841 F2d 297 Nbs Imaging Systems Inc v. United States District Court for Eastern District of California

841 F.2d 297

NBS IMAGING SYSTEMS, INC., an Indiana corporation, Petitioner,
CALIFORNIA, Respondent,
Polaroid Corporation, et al., Real Parties in Interest.

No. 87-7286.

United States Court of Appeals,
Ninth Circuit.

March 4, 1988.

Before TANG, FLETCHER and FARRIS, Circuit Judges.


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NBS Imaging, Inc., an Indiana corporation with its principal place of business in Fort Wayne, seeks a writ of mandamus compelling the United States District Court for the Eastern District of California to vacate its order transferring the underlying action to the District Court for the Northern District of Indiana in Fort Wayne. NBS Imaging's amended complaint named 12 defendants and alleged claims for relief under RICO, federal anti-trust laws, and various state law theories. Seven of the defendants moved to transfer the case to the Indiana court pursuant to 28 U.S.C. Sec. 1404(a).1 The other five defendants did not oppose the motion. The district court granted the motion and the case was transferred and docketed in the Northern District of Indiana on July 6, 1987. NBS Imaging filed the instant petition on July 9, 1987. A prior motions panel questioned jurisdiction based on these facts in light of Lou v. Belzberg, 834 F.2d 730, 733 (9th Cir.1987) and ordered briefing on the issue. We conclude that this court has jurisdiction to issue the writ despite docketing of the case in the Northern District of Indiana, but deny the petition.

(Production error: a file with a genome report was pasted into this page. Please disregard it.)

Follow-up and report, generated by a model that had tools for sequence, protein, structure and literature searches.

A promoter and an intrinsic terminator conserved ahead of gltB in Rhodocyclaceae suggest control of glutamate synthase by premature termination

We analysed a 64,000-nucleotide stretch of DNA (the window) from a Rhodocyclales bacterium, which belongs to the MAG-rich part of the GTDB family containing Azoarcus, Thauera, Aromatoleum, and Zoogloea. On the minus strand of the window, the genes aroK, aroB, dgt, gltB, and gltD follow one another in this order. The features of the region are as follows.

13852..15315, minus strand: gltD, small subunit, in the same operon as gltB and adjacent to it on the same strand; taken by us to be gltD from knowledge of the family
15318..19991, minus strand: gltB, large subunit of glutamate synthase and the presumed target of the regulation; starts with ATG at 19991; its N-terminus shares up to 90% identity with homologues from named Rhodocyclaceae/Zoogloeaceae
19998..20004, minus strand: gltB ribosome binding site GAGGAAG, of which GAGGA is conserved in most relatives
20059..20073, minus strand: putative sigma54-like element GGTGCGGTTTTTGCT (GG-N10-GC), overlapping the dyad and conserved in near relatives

In Lou v. Belzberg, we adopted the rule that the docketing of a case in an out-of-circuit transferee court effectively completes a section 1404(a) transfer so as to deprive this court of appellate jurisdiction. Lou, 834 F.2d at 733. In that case we exercised appellate jurisdiction under 28 U.S.C. Sec. 1292(a) because Lou had filed her notice of appeal before the case was docketed in the transferee district. Id. However, Lou did not address our jurisdiction to consider such transfer orders by way of mandamus.


We have long held that in extraordinary circumstances involving a grave miscarriage of justice, we have power via mandamus to review an order transferring a case to a district court in another circuit. See Gulf Research & Development Co. v. Harrison, 185 F.2d 457 (9th Cir.1950). See also Varsic v. United States District Court, 607 F.2d 245 (9th Cir.1979). Additionally where the case is docketed in the transferee court, this court has previously ordered a district court in this circuit to request the transferee court to return the case. See Town of North Bonneville, Washington v. United States District Court, 732 F.2d 747, 752 (9th Cir.1984). Cases from other circuits relied upon by this court in Lou v. Belzberg support this position. See In re Sosa, 712 F.2d 1479, 1480 n. 1 (D.C.Cir.1983); In re Nine Mile Ltd., 673 F.2d 242, 243 (8th Cir.1982); Starnes v. McGuire, 512 F.2d 918, 924 (D.C.Cir.1974) (en banc).2